Towards contactless air cargo operations
Contactless technologies have evolved quickly over recent years in the constant drive to boost operational efficiency, reduce costs, and improve collaboration across value chains. With the onset of the pandemic, an additional health and safety layer came into play, which further accelerated touchless technology deployment.
Given the many benefits obtained from this move and the behavioral changes it invoked, contactless is here to stay. People now expect low-touch technologies in their daily lives. And the good news is that increased vendors in the marketplace, emerging technologies, and new infrastructures (like IoT and blockchain) are driving acquisition and deployment costs down while opening new use cases.The pandemic also cemented air cargo´s role in global logistics and even provided a lifeline to airlines that may have considered it a peripheral business until then. While air cargo benefited from the adoption of touchless technology, it´s still open skies to extract its full value potential. Now that air cargo is firmly etched in everyone´s mind, the industry needs to sustain its digital transformation momentum.
With so many potential applications, where do we focus?
Fast-evolving smart technologies have a broad scope of practical applications across air cargo. From digital sales platforms to self-service kiosks and bespoke mobile apps, advances in the technology eco-system are driving efficiency gains, opening new business opportunities, and enhancing the customer experience. However, every organization´s resources are limited, whether it comes down to people, time, or investment capability. So, considering the broad scope of the air cargo business, where should one focus?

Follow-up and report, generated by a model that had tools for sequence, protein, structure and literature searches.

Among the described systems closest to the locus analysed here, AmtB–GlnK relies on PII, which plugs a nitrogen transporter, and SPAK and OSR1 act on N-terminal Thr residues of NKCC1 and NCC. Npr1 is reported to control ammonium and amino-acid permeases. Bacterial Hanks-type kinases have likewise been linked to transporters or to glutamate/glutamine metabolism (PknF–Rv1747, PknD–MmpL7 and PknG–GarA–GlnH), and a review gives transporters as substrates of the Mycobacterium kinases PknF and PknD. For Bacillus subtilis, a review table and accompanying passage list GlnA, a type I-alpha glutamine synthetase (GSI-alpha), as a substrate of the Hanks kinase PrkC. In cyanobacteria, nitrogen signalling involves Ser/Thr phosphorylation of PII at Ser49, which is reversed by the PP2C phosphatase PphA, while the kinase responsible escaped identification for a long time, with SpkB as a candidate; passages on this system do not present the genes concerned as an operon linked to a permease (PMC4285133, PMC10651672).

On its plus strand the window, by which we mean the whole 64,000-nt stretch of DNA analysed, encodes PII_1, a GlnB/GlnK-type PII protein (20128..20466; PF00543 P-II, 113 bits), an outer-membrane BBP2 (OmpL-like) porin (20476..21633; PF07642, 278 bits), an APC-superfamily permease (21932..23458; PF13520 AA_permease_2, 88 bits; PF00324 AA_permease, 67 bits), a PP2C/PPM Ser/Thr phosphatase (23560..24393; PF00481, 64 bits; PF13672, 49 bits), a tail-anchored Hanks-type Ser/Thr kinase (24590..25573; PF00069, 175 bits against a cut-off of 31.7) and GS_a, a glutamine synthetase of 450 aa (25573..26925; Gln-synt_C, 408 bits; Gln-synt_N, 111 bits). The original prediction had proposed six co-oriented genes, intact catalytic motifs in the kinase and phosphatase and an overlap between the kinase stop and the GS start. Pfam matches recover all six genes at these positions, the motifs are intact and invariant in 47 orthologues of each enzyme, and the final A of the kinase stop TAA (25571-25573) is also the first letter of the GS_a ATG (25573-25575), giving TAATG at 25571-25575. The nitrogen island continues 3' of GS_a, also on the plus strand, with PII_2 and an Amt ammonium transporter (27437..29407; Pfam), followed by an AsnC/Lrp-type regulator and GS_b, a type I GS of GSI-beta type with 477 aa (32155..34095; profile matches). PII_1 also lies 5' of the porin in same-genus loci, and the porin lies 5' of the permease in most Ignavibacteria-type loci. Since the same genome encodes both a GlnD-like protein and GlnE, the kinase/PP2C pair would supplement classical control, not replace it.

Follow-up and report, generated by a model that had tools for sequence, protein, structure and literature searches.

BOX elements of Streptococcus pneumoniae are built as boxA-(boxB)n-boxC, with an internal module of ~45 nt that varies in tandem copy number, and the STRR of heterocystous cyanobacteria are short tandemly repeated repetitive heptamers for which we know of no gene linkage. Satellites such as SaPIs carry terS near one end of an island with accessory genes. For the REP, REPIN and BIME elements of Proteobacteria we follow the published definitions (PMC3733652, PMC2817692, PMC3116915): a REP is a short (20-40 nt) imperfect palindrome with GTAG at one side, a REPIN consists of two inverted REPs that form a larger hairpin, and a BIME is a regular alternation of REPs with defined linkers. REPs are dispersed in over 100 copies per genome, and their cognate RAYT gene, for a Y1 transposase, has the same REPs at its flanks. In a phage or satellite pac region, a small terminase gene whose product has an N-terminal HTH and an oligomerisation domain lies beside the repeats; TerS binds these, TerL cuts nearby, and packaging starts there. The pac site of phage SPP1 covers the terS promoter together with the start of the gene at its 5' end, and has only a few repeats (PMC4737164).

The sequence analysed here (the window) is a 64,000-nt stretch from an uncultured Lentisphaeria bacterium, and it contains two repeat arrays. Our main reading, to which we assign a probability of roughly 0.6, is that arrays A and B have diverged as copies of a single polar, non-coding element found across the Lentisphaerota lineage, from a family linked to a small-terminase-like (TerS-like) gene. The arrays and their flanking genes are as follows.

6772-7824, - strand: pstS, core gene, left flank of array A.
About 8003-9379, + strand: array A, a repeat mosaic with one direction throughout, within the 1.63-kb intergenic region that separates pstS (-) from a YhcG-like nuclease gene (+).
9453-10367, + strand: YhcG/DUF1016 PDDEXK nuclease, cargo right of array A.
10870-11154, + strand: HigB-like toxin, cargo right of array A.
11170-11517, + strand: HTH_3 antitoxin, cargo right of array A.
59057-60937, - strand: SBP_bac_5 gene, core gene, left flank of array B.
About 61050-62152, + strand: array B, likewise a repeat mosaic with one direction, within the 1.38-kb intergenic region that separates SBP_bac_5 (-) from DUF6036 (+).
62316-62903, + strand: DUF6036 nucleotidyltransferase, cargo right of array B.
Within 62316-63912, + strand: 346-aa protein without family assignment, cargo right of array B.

While every company, or indeed individual, may have a different answer, one way to start approaching the question is to adopt a process perspective. And if you start there, air cargo operations quickly emerges as the area with the highest number of processes and handshakes. While cargo sales and revenue accounting are usually managed by airlines, ground handlers – whether airline-owned or as third parties – manage the physical shipment and movement of goods. Operations is also the place where other stakeholders, like customs and warehouse operators, need to work together, resulting in a complex process landscape.
With so many players and processes at play, communication is critical. Yet, with so many technologies to choose from, paper-based exchanges and semi-automated processes still dominate the modus operandi to this very day. And that makes ground handling operations an easy target to start applying contactless technology to boost efficiency and enable real-time collaboration.
Now that we have a winner, how can contactless processes improve handling operations?
Air cargo operations start when the shipment is handed over to the airline or its designated carrier and finish once the consignment is handed over to the customer at the end destination. So, a clear place to start digitalization is to target the many paper-based, manual, time-consuming, and error-prone processes along that journey. This requires collaboration among all parties to agree on a common data set, new processes, role changes, and Service Level Agreements.